JM: I think that most festivals are really good about having medical responders on site and making water available. I don’t see how purity testing of substances could be applied practically – people possessing illegal substances will naturally be distrustful of authority. Most importantly friends need to watch out for each other, make sure their crews stay hydrated and safe.
BG: How did Lotus come together?
JM: Luke and I met Mike Rempel when we were in high school at a Colorado camp and played some music together. Luke and Mike went to college together and immediately started up the band. The following year, I transferred to the same school and that is when we started gigging on a regular basis.
BG: How would you say your musical style & approach to live music (improvisation, setlist selection etc.) has developed & changed throughout the years?
JM: I think myself and Luke have really developed as composers and this has led us to emphasizing the compositional side more over the years. Early on, when we didn’t have as much tightly composed music, we would lean more heavily on improvisation. Now, I think we are able to strike more of a balance between music that is composed, completely improvised and the areas in between.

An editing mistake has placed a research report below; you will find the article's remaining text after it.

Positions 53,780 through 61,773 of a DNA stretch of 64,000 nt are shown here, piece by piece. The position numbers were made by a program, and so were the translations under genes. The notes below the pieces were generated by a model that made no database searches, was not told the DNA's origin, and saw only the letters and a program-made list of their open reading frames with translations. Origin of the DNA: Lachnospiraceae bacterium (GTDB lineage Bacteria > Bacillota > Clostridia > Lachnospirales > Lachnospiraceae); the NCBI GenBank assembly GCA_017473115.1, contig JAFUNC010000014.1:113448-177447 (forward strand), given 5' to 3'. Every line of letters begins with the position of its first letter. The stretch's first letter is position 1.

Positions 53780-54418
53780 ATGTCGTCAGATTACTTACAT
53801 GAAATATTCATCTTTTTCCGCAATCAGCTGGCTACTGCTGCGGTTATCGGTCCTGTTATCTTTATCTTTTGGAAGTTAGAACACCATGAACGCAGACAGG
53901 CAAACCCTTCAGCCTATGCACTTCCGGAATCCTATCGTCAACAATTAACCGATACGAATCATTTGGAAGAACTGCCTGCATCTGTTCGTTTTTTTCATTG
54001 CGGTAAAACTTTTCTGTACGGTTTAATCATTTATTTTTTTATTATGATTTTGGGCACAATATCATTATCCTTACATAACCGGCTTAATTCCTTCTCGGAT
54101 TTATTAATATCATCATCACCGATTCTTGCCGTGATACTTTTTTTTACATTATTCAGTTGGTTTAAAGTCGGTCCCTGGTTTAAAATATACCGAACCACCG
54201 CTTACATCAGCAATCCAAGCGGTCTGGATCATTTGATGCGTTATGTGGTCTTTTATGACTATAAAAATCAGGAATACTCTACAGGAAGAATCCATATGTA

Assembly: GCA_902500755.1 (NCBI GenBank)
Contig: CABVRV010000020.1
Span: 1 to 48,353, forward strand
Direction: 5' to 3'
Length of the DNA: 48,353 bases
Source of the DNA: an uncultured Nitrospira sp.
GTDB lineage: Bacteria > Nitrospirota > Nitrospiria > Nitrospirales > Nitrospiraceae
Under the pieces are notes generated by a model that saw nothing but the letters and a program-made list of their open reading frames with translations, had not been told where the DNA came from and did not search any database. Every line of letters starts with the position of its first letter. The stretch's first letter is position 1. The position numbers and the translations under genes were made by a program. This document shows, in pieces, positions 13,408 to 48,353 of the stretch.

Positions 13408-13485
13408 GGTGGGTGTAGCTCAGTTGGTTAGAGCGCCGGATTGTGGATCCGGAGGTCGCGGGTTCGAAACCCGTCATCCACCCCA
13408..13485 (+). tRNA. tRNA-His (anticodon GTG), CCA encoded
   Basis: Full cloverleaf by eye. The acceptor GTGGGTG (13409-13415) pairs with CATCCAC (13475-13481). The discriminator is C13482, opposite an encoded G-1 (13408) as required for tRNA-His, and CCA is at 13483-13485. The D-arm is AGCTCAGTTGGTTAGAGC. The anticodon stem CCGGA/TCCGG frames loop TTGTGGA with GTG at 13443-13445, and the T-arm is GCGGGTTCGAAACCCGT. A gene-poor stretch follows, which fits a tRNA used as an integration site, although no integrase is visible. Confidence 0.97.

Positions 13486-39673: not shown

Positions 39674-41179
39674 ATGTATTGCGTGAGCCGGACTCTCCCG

Stylistically we always had the idea of Lotus covering a large range while maintaining a unique musical voice and keeping a groove. The intersection of rock and electronic styles has been our focus, but I think we always look for new angles to approach that intersection. We are never simply one style and then another, it is a constantly evolving project – we don’t want to continually write the same song with different tones, we want to challenge ourselves to do something new with each composition.
BG: You all have been one of our longest running & most supportive AMPLIFY artist over the years. What would you like to say to the hundreds of student activists whom you have inspired and given great opportunities to spread their message?
JM: Thanks for supporting Lotus and for giving your time for a cause you believe in!
Lotus has crafted a unique musical style outside of simple genre limitations. On a given weekend the band could be the only group with guitars at an all electronic music festival and then the next night crash a traditional rock festival with their dance heavy beats, synths and samples. Equal parts instrumental post-rock and electronic dance, the band’s distinguishing feature is the ability to maintain a decidedly unique musical voice and remain current while bucking passing trends.
No matter what the venue, the energetic joy and catharsis of a Lotus show is infectious. The band slowly built a devoted fan base through steady touring and the crowds have grown at an increasing pace. This grassroots growth has made the band in high demand for festivals including Bonnaroo, Outside Lands, Ultra, and Rothbury and earned the band sold out shows at the country’s premier theatres and clubs.